Since 2008, Ford owners have been complaining about problems with their panoramic sunroofs – most notably how they can explode without warning.
Lawsuit About Exploding Sunroofs Filed and Then Dropped
In 2016, a wide-reaching lawsuit said 16 models of Ford vehicles have sunroofs that can spontaneously explode.
The lawsuit was filed by the owners of a 2013 Ford Escape who’s sunroof exploded while on the highway:
“Mr. Krebsbach says he thought someone blew out the sunroof with a shotgun when the glass exploded on February 8, 2016, leaving the occupants with their hair standing up. According to the lawsuit, the vehicle was traveling at highway speeds when the glass exploded toward the outside but then sent glass into the car.”
At the time, there were at least 80 complaints submitted to the National Highway Traffic Safety Administration (NHTSA) about shattering sunroofs in Ford vehicles.
According to the lawsuit, there are two main problems with the sunroofs:
- Tests showed a problem with tempering, leaving the glass weak
- To save weight, and boost MPGs, the glass is much thinner than it should be.
Vehicles Mentioned in the Lawsuit
Dropped by Plaintiffs
Roughly two months after filing the lawsuit, the lead plaintiffs walked away from their claims. There wasn’t any indication of a settlement, just a sudden change of heart.
Ford’s Refusal to Cover Under Warranty
A sudden glass shower in your car is frustrating enough, but what really ticks people off is how Ford won’t cover the replacement under warranty. Instead, their go-to tactic is to blame the owner – just like this 2014 Taurus owner.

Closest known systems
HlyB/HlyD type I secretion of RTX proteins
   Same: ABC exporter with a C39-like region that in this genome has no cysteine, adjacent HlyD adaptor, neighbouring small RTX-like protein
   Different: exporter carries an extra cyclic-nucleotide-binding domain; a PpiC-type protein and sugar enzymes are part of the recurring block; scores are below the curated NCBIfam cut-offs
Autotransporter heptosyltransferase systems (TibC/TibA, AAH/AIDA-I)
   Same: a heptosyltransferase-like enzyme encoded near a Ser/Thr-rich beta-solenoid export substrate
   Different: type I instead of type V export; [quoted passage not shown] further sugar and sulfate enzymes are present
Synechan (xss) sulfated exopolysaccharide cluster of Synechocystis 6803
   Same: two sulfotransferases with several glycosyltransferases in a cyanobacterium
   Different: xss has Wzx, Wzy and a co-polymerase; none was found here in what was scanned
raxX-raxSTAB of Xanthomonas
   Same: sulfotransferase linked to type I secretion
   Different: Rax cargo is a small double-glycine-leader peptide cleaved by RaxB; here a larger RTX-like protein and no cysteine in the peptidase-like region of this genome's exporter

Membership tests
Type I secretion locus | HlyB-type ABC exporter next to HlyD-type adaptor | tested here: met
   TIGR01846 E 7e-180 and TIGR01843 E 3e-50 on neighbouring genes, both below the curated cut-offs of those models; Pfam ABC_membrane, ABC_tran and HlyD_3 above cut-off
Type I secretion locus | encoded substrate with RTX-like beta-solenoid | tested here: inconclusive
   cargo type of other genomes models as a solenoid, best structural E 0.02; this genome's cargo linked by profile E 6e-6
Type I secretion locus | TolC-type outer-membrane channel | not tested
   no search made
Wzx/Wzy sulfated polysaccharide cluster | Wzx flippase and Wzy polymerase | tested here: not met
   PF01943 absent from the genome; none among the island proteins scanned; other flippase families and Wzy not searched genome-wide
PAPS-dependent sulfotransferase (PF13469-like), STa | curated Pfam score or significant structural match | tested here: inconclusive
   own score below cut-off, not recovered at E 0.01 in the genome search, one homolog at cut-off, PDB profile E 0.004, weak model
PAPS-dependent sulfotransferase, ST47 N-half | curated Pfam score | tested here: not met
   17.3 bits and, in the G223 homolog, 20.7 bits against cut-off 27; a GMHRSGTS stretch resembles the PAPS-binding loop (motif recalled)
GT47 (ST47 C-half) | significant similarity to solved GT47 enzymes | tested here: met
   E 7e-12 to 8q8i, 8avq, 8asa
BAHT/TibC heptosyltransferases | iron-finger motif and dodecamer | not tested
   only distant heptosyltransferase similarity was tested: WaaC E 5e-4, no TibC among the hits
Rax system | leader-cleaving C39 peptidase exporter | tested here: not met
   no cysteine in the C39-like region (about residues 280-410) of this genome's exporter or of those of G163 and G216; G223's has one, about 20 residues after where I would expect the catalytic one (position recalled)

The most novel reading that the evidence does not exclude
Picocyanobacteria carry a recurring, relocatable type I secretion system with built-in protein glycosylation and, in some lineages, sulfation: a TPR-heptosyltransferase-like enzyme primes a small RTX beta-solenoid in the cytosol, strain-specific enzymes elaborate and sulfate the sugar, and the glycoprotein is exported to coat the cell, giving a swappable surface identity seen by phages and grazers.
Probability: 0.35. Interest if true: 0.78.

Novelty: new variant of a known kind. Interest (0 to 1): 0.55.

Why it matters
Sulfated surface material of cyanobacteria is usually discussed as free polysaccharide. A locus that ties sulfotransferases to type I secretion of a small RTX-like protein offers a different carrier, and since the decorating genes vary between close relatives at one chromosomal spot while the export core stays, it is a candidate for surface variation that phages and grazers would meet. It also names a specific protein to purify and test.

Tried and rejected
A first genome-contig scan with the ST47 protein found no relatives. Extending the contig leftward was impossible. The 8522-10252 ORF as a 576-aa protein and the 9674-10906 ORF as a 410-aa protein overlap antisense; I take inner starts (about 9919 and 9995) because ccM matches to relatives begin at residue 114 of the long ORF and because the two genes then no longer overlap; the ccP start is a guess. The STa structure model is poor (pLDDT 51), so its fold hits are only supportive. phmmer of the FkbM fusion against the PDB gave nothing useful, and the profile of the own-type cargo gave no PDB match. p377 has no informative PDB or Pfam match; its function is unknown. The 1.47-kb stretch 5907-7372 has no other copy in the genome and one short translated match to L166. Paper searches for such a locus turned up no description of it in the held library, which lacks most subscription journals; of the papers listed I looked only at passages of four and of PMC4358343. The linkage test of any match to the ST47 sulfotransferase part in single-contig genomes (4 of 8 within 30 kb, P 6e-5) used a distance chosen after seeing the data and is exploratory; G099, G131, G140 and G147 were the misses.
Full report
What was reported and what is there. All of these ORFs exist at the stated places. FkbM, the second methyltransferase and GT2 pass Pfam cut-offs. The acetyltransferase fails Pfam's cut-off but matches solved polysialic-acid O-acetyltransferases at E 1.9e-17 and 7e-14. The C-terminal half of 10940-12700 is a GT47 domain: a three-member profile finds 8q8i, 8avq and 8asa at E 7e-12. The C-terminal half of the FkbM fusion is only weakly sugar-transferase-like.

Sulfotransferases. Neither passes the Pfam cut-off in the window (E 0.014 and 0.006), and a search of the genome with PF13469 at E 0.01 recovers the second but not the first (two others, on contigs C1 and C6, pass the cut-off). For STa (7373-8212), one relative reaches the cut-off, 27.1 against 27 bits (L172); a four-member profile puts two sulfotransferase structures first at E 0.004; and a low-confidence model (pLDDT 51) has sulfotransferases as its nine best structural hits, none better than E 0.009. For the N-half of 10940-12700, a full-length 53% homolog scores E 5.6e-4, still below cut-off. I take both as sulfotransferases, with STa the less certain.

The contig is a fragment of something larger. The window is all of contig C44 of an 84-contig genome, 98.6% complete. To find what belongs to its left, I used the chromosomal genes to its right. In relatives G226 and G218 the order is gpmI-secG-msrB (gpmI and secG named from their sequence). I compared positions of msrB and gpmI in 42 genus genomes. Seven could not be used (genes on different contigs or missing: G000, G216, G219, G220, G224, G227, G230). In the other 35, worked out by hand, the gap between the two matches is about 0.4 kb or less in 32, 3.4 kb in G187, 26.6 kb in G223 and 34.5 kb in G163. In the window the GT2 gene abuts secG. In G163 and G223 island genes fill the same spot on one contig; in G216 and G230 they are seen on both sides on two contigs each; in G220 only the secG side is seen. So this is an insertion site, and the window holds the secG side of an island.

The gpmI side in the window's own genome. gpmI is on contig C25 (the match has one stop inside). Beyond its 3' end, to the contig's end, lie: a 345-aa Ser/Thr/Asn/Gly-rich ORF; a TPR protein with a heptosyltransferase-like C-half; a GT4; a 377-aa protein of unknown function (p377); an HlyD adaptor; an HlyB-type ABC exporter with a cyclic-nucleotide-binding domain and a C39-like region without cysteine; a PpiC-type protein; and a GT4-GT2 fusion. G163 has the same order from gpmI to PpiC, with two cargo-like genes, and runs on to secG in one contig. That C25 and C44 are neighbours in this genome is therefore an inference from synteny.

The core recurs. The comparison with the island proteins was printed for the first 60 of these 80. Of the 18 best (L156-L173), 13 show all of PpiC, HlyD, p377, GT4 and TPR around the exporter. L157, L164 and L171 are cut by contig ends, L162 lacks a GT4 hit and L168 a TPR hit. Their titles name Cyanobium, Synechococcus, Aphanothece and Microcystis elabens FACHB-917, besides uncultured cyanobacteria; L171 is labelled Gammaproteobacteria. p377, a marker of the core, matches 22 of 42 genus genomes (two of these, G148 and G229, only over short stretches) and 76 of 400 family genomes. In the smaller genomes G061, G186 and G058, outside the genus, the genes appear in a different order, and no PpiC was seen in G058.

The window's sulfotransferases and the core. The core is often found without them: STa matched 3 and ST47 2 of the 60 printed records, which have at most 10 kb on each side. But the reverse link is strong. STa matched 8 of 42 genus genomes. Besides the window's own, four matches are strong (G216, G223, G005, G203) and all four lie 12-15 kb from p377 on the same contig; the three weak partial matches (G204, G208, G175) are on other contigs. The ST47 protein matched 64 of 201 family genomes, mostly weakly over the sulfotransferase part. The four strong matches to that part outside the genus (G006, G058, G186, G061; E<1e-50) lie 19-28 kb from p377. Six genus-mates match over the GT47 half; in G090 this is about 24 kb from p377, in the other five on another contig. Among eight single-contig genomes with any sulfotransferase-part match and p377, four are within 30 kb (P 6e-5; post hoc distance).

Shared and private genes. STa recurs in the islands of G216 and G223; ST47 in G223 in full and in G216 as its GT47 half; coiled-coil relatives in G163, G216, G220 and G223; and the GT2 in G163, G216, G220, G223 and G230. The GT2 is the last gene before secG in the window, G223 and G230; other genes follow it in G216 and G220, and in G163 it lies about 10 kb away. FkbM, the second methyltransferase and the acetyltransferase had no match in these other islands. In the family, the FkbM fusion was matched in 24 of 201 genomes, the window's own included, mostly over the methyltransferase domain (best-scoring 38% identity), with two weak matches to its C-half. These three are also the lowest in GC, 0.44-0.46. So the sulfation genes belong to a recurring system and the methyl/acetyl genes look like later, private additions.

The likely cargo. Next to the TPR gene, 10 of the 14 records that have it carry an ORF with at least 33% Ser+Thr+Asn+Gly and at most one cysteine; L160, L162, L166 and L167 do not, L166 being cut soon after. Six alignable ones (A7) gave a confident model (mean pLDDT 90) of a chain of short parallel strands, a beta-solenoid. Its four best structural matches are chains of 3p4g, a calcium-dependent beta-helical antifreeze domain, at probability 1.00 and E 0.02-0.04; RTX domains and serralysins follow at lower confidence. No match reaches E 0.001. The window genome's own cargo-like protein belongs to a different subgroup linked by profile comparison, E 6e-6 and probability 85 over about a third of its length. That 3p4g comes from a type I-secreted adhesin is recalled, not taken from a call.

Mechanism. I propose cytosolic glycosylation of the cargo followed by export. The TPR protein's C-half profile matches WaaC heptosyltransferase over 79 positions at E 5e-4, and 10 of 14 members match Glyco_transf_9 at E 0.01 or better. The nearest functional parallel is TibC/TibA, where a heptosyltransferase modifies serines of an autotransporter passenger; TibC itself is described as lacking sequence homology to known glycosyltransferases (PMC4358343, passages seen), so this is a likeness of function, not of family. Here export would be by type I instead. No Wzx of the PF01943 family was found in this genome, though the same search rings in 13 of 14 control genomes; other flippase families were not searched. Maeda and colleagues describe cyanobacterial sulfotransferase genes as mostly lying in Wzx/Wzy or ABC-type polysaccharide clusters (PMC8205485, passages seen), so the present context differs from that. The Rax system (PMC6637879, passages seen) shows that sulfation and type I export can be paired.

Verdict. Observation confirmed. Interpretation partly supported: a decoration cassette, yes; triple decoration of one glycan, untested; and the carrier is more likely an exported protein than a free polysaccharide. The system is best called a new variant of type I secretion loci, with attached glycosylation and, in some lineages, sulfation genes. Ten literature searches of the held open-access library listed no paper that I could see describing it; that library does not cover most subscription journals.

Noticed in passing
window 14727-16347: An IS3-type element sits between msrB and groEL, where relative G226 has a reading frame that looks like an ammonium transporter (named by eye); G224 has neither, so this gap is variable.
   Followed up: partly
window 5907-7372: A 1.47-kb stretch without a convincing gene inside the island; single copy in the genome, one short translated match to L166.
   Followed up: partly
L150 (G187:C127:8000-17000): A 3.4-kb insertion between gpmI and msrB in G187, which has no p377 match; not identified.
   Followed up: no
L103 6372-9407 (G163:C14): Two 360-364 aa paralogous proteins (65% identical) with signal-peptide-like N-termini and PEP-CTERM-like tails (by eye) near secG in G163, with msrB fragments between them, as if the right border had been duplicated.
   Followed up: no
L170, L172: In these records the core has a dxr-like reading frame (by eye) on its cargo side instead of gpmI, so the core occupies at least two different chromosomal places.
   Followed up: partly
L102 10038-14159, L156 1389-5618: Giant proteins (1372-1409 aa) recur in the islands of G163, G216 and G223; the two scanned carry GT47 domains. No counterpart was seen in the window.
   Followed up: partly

“Ford says this is not covered under warranty because it must have been my fault. I was driving at 55 mph on a clear cool morning. The sunroof exploded with a sound like a gun shot. I thought someone had dropped something from an overpass, but I had not gone under one. The remaining glass in the roof was pointing upwards as if it had been pushed up from inside.
A 2013 Ford Edge owner, whose warranty replacement was also denied, said his sunroof broke on an otherwise perfect day.
“No other traffic or pedestrians in immediate area. Loud explosion noise similar to a window being shot out. Looking upwards at sunroof: it was badly cracked and crumbling. Pieces of glass falling from car. Vehicle stopped and examined. No foreign object damage. No point of impact noted. Glass sunroof was badly cracked around entire perimeter. Many small pieces had blown off car.
This was obvious structural failure causing the perimeter breakage rather than at a single point of impact.”
But Why Do They Explode?
Sunroofs use tempered glass which is designed to break into small pieces instead of huge shards for safety. The problem with tempered glass is any imperfection – from air bubbles in the glass to a small scratch – can cause the glass to shatter when under pressure. That pressure could come from inside the vehicle which is designed to be more sound and air proof than ever.
CarComplaints.com contacted four top university mechanical engineering professors and got their take on why sunroofs explode:
“Because a glass sunroof is under a lot of compression, air pressure or temperature changes can all contribute to pressure on the glass. All it takes is one microscopic imperfection and time to allow the problem to reach a level where the glass explodes.”